Treatment of acne vulgaris during pregnancy and lactation

Drugs. 2013 Jun;73(8):779-87. doi: 10.1007/s40265-013-0060-0.


Acne vulgaris is a common problem encountered by pregnant and lactating women. Unfortunately, in clinical practice, treatment is often not optimized as a result of the lack of safety data and unified recommendations on the use of the various anti-acne therapies. In this narrative review, current data on their safety is summarized. We recommend the use of topical medications as first-line treatment for acne vulgaris in pregnant and lactating women. These include antibiotics (erythromycin, clindamycin, metronidazole and dapsone), benzoyl peroxide, azelaic acid and salicylic acid. Oral agents and/or light-based therapy may be considered as second-line treatment. The former consists of oral macrolides (erythromycin and azithromycin), cephalexin or zinc compounds. Blue-violet or red light phototherapy may be used as monotherapy or in addition to topical and/or oral therapies. Hormonal therapy, antibiotics consisting of tetracyclines, co-trimoxazole and fluoroquinolones, and both oral and topical retinoids should be avoided.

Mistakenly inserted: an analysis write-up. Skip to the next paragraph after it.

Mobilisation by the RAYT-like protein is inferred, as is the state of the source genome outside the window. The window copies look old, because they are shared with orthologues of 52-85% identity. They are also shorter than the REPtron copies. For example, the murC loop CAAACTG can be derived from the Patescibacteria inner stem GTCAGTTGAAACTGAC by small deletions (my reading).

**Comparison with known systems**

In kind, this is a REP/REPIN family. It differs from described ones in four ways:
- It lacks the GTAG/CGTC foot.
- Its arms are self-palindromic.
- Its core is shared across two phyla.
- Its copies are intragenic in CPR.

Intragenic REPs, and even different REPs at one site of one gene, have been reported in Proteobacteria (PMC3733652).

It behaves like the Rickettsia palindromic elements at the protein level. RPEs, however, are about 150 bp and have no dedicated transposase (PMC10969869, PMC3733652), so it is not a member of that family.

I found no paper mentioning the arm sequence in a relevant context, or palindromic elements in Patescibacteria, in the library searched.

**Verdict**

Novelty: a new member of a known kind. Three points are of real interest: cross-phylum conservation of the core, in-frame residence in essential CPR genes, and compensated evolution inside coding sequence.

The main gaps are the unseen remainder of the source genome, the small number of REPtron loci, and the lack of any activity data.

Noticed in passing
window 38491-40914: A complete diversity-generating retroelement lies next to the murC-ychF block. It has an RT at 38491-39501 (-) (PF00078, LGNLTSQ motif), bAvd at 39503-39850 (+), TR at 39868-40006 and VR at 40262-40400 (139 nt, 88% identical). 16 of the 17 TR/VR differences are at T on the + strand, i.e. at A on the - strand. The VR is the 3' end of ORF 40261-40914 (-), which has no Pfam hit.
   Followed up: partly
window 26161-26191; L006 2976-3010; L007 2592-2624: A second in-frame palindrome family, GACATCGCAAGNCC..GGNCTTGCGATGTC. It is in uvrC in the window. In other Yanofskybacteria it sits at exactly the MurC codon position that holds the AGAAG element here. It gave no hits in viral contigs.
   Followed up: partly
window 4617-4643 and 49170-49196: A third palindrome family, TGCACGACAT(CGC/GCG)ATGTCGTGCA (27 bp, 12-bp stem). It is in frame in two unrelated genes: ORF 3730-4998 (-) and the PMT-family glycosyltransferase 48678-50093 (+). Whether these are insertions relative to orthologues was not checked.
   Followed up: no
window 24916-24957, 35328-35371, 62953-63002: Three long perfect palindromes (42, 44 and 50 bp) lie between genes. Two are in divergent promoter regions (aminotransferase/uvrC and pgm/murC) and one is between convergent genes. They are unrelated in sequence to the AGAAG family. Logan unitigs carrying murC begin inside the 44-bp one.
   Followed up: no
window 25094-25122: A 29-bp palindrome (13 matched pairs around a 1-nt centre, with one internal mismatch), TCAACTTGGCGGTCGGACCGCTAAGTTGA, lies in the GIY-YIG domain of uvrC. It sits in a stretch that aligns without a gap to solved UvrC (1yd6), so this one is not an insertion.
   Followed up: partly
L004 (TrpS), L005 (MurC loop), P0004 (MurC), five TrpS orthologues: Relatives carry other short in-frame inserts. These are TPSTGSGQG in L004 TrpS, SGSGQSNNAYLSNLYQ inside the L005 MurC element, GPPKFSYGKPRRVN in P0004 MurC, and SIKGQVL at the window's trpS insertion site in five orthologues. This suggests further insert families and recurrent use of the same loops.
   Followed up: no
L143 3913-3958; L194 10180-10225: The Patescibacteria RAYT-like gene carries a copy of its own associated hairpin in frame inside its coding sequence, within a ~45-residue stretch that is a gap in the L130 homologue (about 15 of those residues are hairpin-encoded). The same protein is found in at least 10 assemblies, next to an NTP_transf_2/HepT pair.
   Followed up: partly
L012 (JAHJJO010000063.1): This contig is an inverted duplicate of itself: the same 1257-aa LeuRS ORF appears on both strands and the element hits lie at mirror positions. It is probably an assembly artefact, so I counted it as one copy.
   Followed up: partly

Publication types

  • Review

MeSH terms

  • Acne Vulgaris / drug therapy*
  • Administration, Oral
  • Administration, Topical
  • Androgen Antagonists / administration & dosage*
  • Androgen Antagonists / adverse effects
  • Anti-Bacterial Agents / administration & dosage*
  • Anti-Bacterial Agents / adverse effects
  • Female
  • Humans
  • Lactation / drug effects*
  • Phototherapy / adverse effects
  • Phototherapy / methods*
  • Pregnancy
  • Pregnancy Complications / drug therapy*
  • Retinoids / administration & dosage*
  • Retinoids / adverse effects
  • Risk Assessment


  • Androgen Antagonists
  • Anti-Bacterial Agents
  • Retinoids